Blacks are disciplined at higher rates
San Francisco - A new study suggests that "zero tolerance" discipline policies in schools are having a disproportionate impact on black students. The survey, conducted by the Applied Research Council in Oakland, Calif., found that in 10 large urban school districts, blacks were disciplined at higher rates than whites. For example, in the Phoenix district, blacks, who represent 4 percent of the student body, received 21 percent of of the expulsions or suspensions. And in San Francisco, blacks made up 16 percent of the enrollment, but accounted for 52 percent of removals from school. However, some educators say the numbers don't in themselves say anything about whether zero tolerance policies target black students, since they don't show whether blacks and whites faced different punishments for the same offenses.
New religious guidelines for schools
Washington - President Clinton issued a new set of guidelines Saturday clarifying how public schools can work with religious groups without violating the constitutional separation of church and state. The administration's third set of guidelines since 1995 continues the effort to quell the divisive and emotional debate over religious expression in the classroom by clarifying what the Constitution allows. The guidelines state the boundaries of religious expression in the public schools. They also reflect the latest Supreme Court rulings, and offer a guide for the use of religious organizations in tutoring, mentoring, after-school enrichment programs and other nonreligious educational activities. (See related article, Learning section, Dec. 14.)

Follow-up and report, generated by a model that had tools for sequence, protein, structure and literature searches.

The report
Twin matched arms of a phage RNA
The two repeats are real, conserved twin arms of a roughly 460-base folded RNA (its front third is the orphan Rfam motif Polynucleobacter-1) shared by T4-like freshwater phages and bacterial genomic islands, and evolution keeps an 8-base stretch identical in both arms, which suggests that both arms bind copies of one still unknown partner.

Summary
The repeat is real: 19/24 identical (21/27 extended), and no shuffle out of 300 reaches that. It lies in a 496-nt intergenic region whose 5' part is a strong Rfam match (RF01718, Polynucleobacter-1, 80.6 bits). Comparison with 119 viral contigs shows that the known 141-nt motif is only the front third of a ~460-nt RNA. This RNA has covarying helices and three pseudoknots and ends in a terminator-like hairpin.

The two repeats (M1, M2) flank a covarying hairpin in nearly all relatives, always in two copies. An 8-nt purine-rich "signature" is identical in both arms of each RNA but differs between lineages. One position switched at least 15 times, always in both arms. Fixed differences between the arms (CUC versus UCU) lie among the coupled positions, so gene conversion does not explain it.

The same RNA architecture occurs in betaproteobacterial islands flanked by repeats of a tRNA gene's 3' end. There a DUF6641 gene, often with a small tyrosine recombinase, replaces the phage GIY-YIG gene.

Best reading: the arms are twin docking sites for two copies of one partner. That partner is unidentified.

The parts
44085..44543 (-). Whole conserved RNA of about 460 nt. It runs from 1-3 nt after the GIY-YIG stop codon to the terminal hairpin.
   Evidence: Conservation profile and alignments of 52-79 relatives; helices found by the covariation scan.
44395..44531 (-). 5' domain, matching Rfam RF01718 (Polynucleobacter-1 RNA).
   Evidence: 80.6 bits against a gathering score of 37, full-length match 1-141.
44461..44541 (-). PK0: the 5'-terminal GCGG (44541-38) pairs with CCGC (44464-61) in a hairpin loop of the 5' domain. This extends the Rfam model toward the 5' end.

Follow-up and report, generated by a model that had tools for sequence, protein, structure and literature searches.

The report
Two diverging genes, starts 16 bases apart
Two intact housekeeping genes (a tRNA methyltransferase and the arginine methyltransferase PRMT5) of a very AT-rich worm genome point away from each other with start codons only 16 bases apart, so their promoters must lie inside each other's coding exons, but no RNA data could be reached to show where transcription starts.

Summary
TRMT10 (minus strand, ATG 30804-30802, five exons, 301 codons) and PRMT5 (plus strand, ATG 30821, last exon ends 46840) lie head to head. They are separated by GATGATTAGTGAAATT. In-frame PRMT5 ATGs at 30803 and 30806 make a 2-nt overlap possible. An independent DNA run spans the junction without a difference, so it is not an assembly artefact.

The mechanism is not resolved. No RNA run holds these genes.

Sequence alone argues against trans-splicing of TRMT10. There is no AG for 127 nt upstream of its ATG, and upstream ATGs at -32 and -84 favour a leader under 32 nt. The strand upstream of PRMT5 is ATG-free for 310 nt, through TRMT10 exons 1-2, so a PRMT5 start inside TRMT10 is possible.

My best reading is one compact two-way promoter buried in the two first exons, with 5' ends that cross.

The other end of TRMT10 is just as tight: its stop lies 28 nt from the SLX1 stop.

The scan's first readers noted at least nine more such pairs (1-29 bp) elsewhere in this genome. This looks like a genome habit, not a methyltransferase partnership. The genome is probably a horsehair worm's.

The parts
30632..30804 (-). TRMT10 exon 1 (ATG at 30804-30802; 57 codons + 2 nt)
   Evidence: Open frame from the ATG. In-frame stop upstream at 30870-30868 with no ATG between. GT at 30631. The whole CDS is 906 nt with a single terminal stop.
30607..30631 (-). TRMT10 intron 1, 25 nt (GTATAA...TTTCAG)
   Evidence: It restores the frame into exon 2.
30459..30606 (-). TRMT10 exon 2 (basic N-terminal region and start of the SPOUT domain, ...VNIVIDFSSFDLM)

Teen drug use remains stable
Washington - Overall teenage drug use remained stable for the third consecutive year, according to the annual Monitoring the Future survey. While drug use rose through most of the 1990s, this year's report marks three years of steady - and in some cases dropping - drug and alcohol use. Only two drugs, Ecstasy and steroids, were reported as being on the rise. The survey, which has tracked drug use since 1975, polled nearly 45,000 US teens anonymously.
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